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Jennifer Lawrence Hits A Nerve With Essay On Hollywood's Gender Pay Gap

Jennifer Lawrence attends a media event for The Hunger Games: Mockingjay Part 2 in San Diego in July. i

Jennifer Lawrence attends a media event for The Hunger Games: Mockingjay Part 2 in San Diego in July. Richard Shotwell/Invision/AP hide caption

toggle caption Richard Shotwell/Invision/AP
Jennifer Lawrence attends a media event for The Hunger Games: Mockingjay Part 2 in San Diego in July.

Jennifer Lawrence attends a media event for The Hunger Games: Mockingjay Part 2 in San Diego in July.

Richard Shotwell/Invision/AP

The criticism Oscar-winning actress Jennifer Lawrence has lobbed at herself for not pushing for a higher fee to star in the film American Hustle is reverberating in Hollywood and beyond.

In an essay for Lena Dunham's Lenny Letter e-newsletter, Lawrence explained that after the Sony hack — which revealed documents showing Lawrence had earned significantly less than her male co-stars Jeremy Renner, Christian Bale and Bradley Cooper — she didn't get mad at the studio.

"I got mad at myself," Lawrence wrote. "I failed as a negotiator because I gave up early."

The star of the Hunger Games franchise said she hesitated to negotiate aggressively because she didn't want to come across as abrasive or too demanding — a fear, she mused, that probably is linked to gender conditioning. Lawrence wrote: "I didn't want to seem 'difficult' or 'spoiled.' At the time, that seemed like a fine idea, until I saw the payroll on the Internet and realized every man I was working with definitely didn't worry about being 'difficult' or 'spoiled.' "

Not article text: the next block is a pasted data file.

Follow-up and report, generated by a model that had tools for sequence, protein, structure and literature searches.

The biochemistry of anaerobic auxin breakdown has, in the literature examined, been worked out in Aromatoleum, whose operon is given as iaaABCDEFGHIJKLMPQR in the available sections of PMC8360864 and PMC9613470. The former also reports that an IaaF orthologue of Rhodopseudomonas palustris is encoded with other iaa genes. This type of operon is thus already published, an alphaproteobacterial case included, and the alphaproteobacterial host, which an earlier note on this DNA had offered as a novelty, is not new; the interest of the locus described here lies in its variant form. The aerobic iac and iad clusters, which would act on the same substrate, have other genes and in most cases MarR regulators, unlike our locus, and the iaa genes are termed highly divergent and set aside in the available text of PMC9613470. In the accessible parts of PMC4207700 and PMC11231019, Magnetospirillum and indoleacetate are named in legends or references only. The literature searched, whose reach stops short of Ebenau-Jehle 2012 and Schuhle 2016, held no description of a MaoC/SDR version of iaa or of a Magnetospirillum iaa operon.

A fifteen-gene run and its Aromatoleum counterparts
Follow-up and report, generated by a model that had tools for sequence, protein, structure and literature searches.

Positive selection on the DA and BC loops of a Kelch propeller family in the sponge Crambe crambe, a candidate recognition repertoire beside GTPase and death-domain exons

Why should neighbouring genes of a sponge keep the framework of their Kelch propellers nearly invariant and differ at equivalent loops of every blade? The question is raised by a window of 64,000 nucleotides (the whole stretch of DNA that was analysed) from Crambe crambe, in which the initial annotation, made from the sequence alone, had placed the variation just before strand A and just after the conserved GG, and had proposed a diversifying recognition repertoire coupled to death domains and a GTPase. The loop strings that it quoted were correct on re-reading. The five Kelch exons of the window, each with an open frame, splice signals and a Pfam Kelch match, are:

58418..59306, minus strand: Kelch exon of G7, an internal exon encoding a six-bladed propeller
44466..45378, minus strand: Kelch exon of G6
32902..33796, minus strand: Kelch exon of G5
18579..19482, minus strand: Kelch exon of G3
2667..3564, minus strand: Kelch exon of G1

She adds: "I'm over trying to find the 'adorable' way to state my opinion and still be likable!"

It's worth noting that Lawrence tops Forbes' 2015 list of the world's highest-paid actresses.

Her comments have elicited huzzahs from other actors. Harry Potter franchise star Emma Watson commended Lawrence on Twitter. And Bradley Cooper — who has co-starred with Lawrence in films such as The Silver Linings Playbook, for which she won an Oscar — supported her stance during an interview with E! News.

Some of the praise was qualified, however. A post on the website Flavorwire points out that having wealthy celebrities emerge as spokesmen for pay equity can be problematic. It adds:

"Some danger lurks in the 'wage gap' issue being co-opted from a life-or-death matter to a cause célèbre of celebs who already make millions. When these powerful women and actresses use ideas and lingo that were invented by on-the-ground activists, they bear a certain responsibility to transmit the entire message they're appropriating. In recent years, even the most mainstream women's organizations have made a huge effort to point out that the wage gap increases dramatically for black and Latina women, and that those extra dollars mean a lot more to the family that is struggling to buy diapers, put food on the table, or pay for daycare or night school than to people in high-powered professions. From the suddenly 'empowered' women of Hollywood, we hear very little of these extra dimensions."

Other actors have found that venturing into activism territory can be fraught. Just last week, Meryl Streep came in for criticism for wearing a T-shirt bearing the phrase "I'd rather be a rebel than a slave" as she promoted her new film Suffragette. Critics pointed out that the comment could be construed as a reference to the Confederate South, blaming slaves for their enslavement.

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